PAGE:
He left the country. When he saw the enormity of the task he thought he needed some of the most powerful leaders to join him and requested that one of our icons and powerful leaders Moses Kotane and many other leaders joined him afterwards. That was the start of a campaign that connected our struggle to the world led by this outstanding leader, our president OR.
In the process of the debate the ANC came to a decision that we must take up a different method of struggle - the armed struggle - of course carefully discussed at the first level of sabotage actions etc and we must form a military wing, Umkhonto we Sizwe because the ANC as an organisation on its own could not turn itself into a military organisation and that this organisation must be born in its own right, in name and must put itself at the disposal of the ANC. When that came, the situation was changing in the country. You needed brave people. You needed people of action. You needed people who could strategize, hard-working people.
The only name identified by the ANC was the name of Nelson Mandela to begin the armed struggle.
These two colleagues and comrades who had worked together were the two among many who were given very distinct tasks to undertake to lead while the ANC in broad terms went underground.
Nelson Mandela, who was one of those who argued very vehemently for the change of the strategy together with his comrade and friend and brother, one of our leaders as well, who both O.R. Tambo and Madiba referred to as their senior, Walter Sisulu.
Madiba debated this with Sisulu first, even before it was discussed in the formal structures and its also interesting that when they raised the idea for the first time in the leadership, it was kicked out.
In fact, some of the senior leaders thought this was almost bordering on adventurism and Sisulu with Madiba, the two of them saying `where did we go wrong` and they said `we made a mistake.
We should have lobbied Moses Kotane first`. That must tell you how powerful Moses Kotane was, a man we still have to celebrate, a man who could argue his way and it was difficult to argue against. So as always, Sisulu said Madiba go and have tea with Moses Kotane and persuade him. The strategies and the man of the people Tata Sisulu understood Madiba`s strengths.
One of the specialties of Sisulu was to understand the strengths of the comrades he worked with. Madiba had something powerful. He had the capacity to persuade.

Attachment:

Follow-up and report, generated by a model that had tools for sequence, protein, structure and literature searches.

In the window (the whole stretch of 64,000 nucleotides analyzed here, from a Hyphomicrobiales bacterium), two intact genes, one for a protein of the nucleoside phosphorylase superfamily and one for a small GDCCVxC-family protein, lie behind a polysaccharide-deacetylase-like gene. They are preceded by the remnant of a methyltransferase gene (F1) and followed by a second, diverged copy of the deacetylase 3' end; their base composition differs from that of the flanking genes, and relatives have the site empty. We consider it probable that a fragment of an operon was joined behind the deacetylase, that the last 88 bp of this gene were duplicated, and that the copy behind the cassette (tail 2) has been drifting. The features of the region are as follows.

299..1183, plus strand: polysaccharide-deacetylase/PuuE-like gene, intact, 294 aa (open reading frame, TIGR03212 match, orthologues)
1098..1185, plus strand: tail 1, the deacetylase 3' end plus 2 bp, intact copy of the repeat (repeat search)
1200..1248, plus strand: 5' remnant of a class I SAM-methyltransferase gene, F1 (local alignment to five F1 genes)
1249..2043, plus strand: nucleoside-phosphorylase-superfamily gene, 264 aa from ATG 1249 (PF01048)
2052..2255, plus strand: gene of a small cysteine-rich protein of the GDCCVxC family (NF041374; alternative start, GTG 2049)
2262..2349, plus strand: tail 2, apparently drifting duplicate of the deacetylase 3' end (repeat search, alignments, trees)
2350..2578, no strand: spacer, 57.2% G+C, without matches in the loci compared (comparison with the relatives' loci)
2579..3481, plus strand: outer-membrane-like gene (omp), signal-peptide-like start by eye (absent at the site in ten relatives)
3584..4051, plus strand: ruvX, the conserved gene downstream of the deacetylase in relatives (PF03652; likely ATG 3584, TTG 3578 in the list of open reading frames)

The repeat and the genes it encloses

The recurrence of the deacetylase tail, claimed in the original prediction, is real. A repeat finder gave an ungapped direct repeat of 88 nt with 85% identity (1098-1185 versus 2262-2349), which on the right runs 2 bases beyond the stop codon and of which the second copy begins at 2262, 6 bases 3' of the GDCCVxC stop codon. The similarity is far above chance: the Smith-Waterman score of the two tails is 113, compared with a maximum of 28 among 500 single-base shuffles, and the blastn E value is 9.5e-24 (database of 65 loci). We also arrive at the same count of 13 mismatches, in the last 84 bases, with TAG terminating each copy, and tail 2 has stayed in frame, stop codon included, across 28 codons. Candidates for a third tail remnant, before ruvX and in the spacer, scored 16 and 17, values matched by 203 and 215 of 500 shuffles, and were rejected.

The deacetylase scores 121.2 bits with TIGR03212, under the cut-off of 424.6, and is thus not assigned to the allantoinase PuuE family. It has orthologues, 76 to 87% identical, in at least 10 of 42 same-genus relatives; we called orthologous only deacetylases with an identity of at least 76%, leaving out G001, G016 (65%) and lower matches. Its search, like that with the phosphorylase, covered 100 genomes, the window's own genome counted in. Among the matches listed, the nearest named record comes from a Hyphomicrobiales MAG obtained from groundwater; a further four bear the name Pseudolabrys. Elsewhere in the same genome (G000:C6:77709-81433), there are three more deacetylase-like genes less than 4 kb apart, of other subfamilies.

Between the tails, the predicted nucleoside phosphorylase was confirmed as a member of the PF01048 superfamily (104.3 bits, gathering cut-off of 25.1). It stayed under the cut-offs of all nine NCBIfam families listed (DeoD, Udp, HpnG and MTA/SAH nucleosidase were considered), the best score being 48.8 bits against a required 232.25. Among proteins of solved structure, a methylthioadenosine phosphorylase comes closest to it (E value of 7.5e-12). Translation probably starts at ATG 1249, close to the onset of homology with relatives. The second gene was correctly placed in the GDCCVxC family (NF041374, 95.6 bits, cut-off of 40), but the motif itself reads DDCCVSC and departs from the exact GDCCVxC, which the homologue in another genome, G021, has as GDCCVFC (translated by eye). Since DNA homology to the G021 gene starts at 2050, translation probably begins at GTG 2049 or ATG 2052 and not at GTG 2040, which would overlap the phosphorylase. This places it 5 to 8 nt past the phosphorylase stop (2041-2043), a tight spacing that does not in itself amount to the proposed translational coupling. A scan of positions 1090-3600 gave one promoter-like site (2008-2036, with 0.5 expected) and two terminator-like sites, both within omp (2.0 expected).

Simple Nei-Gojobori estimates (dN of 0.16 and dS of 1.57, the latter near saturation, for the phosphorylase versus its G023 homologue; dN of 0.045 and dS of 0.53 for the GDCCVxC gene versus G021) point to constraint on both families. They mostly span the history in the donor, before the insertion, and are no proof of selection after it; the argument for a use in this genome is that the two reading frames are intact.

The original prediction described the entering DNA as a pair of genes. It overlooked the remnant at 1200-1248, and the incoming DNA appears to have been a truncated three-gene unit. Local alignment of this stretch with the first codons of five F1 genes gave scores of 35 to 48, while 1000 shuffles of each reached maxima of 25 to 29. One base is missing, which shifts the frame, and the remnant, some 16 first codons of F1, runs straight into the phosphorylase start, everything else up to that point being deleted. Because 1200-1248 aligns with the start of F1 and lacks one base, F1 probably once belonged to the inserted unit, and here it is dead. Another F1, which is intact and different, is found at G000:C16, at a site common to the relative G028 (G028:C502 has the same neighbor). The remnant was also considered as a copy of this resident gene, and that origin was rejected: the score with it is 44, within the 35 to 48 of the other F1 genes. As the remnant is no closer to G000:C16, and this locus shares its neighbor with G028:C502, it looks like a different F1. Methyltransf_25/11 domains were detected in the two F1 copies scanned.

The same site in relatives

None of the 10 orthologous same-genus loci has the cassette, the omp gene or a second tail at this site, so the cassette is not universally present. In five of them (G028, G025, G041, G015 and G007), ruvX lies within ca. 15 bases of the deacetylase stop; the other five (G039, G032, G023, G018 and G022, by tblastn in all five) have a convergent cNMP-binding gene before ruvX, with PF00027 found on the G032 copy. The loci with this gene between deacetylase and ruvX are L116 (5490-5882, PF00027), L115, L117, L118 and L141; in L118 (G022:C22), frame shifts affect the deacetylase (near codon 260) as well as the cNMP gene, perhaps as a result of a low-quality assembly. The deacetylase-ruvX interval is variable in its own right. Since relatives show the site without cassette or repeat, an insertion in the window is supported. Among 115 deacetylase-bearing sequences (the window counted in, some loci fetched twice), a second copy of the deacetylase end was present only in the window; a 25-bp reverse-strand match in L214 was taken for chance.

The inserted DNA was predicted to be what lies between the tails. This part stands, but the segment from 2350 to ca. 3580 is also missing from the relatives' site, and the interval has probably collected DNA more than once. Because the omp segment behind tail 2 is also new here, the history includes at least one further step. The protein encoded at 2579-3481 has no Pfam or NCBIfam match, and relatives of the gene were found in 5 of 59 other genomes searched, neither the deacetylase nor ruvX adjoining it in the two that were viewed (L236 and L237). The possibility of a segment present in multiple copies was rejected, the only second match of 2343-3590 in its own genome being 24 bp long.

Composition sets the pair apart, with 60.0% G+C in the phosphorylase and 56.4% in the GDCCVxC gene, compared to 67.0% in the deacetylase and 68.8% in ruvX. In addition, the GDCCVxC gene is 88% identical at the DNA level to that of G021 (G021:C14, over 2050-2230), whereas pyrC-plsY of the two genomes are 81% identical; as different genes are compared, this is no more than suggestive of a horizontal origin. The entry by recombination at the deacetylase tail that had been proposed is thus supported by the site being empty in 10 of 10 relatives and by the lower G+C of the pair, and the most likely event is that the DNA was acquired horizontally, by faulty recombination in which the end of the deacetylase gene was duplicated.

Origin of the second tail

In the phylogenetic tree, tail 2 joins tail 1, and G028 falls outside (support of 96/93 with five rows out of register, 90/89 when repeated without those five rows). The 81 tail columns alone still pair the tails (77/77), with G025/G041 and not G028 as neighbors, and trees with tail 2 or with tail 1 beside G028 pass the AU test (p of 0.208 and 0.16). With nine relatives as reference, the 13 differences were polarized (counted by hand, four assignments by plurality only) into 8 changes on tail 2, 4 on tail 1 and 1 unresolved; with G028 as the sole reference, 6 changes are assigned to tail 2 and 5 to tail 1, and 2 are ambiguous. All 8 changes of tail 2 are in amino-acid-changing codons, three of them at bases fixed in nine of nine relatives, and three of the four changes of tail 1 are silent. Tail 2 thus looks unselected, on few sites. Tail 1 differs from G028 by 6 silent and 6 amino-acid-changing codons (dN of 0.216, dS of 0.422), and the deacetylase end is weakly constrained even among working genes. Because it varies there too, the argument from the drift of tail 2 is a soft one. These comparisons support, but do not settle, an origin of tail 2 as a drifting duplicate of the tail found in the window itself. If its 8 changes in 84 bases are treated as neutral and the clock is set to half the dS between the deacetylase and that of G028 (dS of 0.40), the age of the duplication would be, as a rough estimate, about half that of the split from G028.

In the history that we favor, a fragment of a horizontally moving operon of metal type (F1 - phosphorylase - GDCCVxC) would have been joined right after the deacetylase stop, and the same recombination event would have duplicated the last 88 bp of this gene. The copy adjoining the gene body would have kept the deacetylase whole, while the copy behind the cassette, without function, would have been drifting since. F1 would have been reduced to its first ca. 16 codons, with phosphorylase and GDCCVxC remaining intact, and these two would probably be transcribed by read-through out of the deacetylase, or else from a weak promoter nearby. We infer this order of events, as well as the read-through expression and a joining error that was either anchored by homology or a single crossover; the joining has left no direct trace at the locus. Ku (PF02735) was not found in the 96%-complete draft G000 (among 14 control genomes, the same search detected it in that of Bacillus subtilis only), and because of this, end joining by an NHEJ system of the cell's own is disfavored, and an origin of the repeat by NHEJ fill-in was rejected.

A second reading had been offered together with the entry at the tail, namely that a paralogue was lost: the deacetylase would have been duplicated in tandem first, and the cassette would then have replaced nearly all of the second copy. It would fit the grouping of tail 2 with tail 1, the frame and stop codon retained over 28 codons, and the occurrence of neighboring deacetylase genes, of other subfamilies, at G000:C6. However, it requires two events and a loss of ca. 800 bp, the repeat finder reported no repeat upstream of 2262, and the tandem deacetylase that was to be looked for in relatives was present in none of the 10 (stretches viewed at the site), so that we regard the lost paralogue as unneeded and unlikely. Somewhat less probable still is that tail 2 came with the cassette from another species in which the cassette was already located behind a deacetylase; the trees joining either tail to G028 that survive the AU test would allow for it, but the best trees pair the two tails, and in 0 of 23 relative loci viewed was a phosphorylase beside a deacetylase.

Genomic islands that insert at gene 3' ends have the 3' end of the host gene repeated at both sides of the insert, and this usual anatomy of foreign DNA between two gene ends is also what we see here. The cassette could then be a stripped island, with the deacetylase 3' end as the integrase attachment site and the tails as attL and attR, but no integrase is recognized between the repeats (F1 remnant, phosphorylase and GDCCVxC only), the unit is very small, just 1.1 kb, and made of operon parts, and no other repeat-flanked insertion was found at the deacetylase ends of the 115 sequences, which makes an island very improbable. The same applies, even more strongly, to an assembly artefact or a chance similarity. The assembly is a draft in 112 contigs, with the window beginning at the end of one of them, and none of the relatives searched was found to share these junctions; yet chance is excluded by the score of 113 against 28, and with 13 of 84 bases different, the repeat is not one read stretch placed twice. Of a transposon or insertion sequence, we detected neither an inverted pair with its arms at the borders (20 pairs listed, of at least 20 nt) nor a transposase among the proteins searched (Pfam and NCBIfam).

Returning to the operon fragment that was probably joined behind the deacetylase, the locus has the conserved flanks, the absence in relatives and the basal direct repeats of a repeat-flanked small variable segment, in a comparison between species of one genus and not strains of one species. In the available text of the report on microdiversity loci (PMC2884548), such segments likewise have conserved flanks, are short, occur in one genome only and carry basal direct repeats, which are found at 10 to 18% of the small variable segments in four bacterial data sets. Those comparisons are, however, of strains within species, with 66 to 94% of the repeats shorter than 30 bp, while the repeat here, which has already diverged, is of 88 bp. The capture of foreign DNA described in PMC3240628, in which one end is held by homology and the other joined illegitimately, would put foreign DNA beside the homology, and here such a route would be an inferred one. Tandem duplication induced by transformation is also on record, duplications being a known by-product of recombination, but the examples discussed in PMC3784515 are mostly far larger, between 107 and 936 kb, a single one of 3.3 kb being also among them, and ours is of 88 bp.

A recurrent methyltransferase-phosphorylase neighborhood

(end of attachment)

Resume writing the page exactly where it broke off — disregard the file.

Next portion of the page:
He could persuade people to appoint and make them understand where he comes from. I recall a small conversation at some point abroad when someone in the country that I`m not going to mention was very difficult -very difficult and he agreed the man is difficult.
He said this man will only be convinced by Madiba when he comes out of prison because nobody can argue against Madiba and indeed Madiba went to our leader Moses Kotane and argued the point most strongly to a point that Moses Kotane began to see the logic of it and said raise the matter in the next meeting of the leadership.
That`s when a huge debate began and Madiba was in the centre of it. Perhaps because he was a man of action and yet argued so much - and by the way it was not just argued in the National Executive Committee meeting only - once that decision was taken the ANC said you must go and raise the matter with the entire alliance - not the current alliance, the tripartheid, a different alliance, the Congress Alliance. It was debated there and finally agreed and whilst it was agreed, as I said it was Madiba himself who was asked to establish the military wing and thus he became the first commander-in-chief of Umkhonto we Sizwe.
The debate was, much as you have followed the non-violent struggle method. It was clear that the enemy was not going to respond to this. We therefore have to use a different language that would be understood but beginning with it very carefully. And it is again important to note that when Madiba did anything he was very thorough.
The first actions of MK were not supposed to have any casualty in the form of people dying. It was not going to spill blood at the beginning.
Sabotage actions were sending a message to the regime. So the policy of MK was carefully crafted. In fact, it is the one that made the judge in the Rivonia Trial find it very difficult among others, to sentence them to death.
But of course the struggle developed and Madiba played a major role -Madiba the strategist. Madiba had the gift of seeing things clearly and concentrate on what he has seen and talk about it and clarify it, good in working on tactics and indeed a powerful legal person. As many will remember, in 1962 when he was tried for the first time when he was convicted for five years, when he was accused he accused the regime and said `I`m a black man in a white man`s court and therefore there will be no fairness in the trial`.
Madiba, the man of peace, but a revolutionary, who was not prepared to wait for peace one day to come, because we talk about it, who further needed to take action and he was one of those who was in the leadership of action. At times people are mistaken that for the ANC to declare an armed struggle, it was becoming an organisation that was not interested in peace, but no.
The ANC was saying that in order to quicken peace in South Africa we had to take that decision. Again, put very briefly by former president Chief Luthuli who said `the road to freedom is via the Cross`.